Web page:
When using the All Elements trigger in Google Tag Manager, it’s easy to overlook the fact that it captures all clicks on the page. It’s also brutally accurate - it captures clicks on the exact element that was below the mouse button when a click happened. This means that when working with the All Elements trigger, you need to be more careful when identifying the correct element you actually want to track clicks on.

In this short guide, I’ll show you a simple trick to make sure you always capture clicks on a given element, regardless of what the surrounding HTML structure looks like. All this requires is a simple tweak to the CSS selector you use in the trigger.


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Tip 76: Use the wildcard CSS selector with All Elements triggers

The wildcard selector literally means any descendant of the preceding selector. So given a selector like div#nav * would match any elements that are nested with a <div id="nav"> element, but not the <div> element itself.

Let me show you a useful example.

<div id="container">
  <div id="header">
    <div id="logo">
      <img src="/images/logo.png" />
      <span>Back home</span>

In this scenario, let’s say you want to track clicks on <div id="logo">, regardless of whether the click falls on the image element or the span.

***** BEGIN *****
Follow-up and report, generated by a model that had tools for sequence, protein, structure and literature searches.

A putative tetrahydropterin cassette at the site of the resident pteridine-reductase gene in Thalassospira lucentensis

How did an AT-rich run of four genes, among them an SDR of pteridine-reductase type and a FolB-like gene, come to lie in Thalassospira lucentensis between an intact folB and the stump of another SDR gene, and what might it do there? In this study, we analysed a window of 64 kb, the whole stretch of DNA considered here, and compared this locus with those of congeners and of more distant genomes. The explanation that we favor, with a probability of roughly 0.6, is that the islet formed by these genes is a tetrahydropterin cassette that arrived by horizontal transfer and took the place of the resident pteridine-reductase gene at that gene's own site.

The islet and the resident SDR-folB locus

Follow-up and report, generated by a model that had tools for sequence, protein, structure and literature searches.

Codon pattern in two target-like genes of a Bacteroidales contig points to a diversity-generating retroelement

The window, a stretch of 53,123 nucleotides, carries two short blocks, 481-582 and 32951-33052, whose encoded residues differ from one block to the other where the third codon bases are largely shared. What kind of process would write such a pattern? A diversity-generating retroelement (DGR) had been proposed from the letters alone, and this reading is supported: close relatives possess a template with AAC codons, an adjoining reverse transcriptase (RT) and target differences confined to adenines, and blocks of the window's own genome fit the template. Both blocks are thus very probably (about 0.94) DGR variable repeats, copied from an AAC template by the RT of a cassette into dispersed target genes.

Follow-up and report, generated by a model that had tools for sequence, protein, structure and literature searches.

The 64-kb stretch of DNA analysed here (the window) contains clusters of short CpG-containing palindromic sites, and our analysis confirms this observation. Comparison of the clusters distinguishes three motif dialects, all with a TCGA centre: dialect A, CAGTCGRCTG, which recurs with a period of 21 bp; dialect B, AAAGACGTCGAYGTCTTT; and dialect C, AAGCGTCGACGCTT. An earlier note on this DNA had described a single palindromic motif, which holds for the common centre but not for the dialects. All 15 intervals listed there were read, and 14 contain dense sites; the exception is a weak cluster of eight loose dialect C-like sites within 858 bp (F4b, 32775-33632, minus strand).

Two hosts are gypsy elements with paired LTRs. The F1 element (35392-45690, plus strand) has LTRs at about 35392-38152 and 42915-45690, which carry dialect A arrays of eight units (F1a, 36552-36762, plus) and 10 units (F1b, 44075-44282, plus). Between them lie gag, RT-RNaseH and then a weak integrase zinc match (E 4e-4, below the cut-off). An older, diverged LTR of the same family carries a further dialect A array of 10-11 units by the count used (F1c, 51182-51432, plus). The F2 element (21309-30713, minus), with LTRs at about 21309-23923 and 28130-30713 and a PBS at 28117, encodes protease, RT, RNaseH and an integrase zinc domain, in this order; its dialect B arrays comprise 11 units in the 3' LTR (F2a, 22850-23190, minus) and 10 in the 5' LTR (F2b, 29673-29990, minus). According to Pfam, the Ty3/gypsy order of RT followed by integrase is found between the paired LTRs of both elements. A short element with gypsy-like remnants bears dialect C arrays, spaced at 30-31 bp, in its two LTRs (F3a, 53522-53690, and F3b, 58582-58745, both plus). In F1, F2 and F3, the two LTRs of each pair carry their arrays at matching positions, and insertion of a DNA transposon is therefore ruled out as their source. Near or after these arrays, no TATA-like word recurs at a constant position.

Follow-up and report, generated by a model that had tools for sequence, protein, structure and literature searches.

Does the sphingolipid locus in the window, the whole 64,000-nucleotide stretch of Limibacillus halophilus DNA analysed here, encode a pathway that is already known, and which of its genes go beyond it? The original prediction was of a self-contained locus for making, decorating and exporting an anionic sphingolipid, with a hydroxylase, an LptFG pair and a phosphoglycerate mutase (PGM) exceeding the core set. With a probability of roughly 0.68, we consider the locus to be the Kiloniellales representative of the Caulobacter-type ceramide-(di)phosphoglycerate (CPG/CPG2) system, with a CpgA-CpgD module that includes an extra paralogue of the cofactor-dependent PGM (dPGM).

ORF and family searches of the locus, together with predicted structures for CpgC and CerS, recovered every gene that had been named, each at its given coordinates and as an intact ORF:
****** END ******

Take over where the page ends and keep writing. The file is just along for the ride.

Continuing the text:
If you try to do it with an All Elements trigger that has either of the following conditions, it won’t work:

  1. Click ID equals logo

  2. Click Element matches CSS selector div#logo

Why not? Because the click will not land on the <div>. Rather, it will land on one of the nested elements, because they are block-level elements that actually fill the wrapping <div> completely. Thus there’s no area left in the <div> itself that could be clicked!

So, you need to instruct the trigger to track clicks on the <div> itself (this is a good precaution in case there’s additional padding that does introduce surface area to the <div>, too) and any of its nested elements. This is where the wildcard selector comes in handy.

The selector you’ll need to use looks like this:

Click Element matches CSS selector div#logo, div#logo *

This literally means:

Track clicks that land on a <div id="logo"> element, or any element nested within this <div>.

I’ll go so far as to say that whenever you use the All Elements trigger, always use this element, element * syntax. That way you’ll always be able to track clicks on the appropriate element, regardless of the nested HTML structure.

The only edge cases I can think of is if you really want to track clicks on the borders of the wrapping element alone and not anything nested within, but I’m having trouble justifying this use case in a real-world scenario. But in case you do want to track clicks specifically on a wrapping element, just drop the wildcard selector and simply use div#logo as the only selector.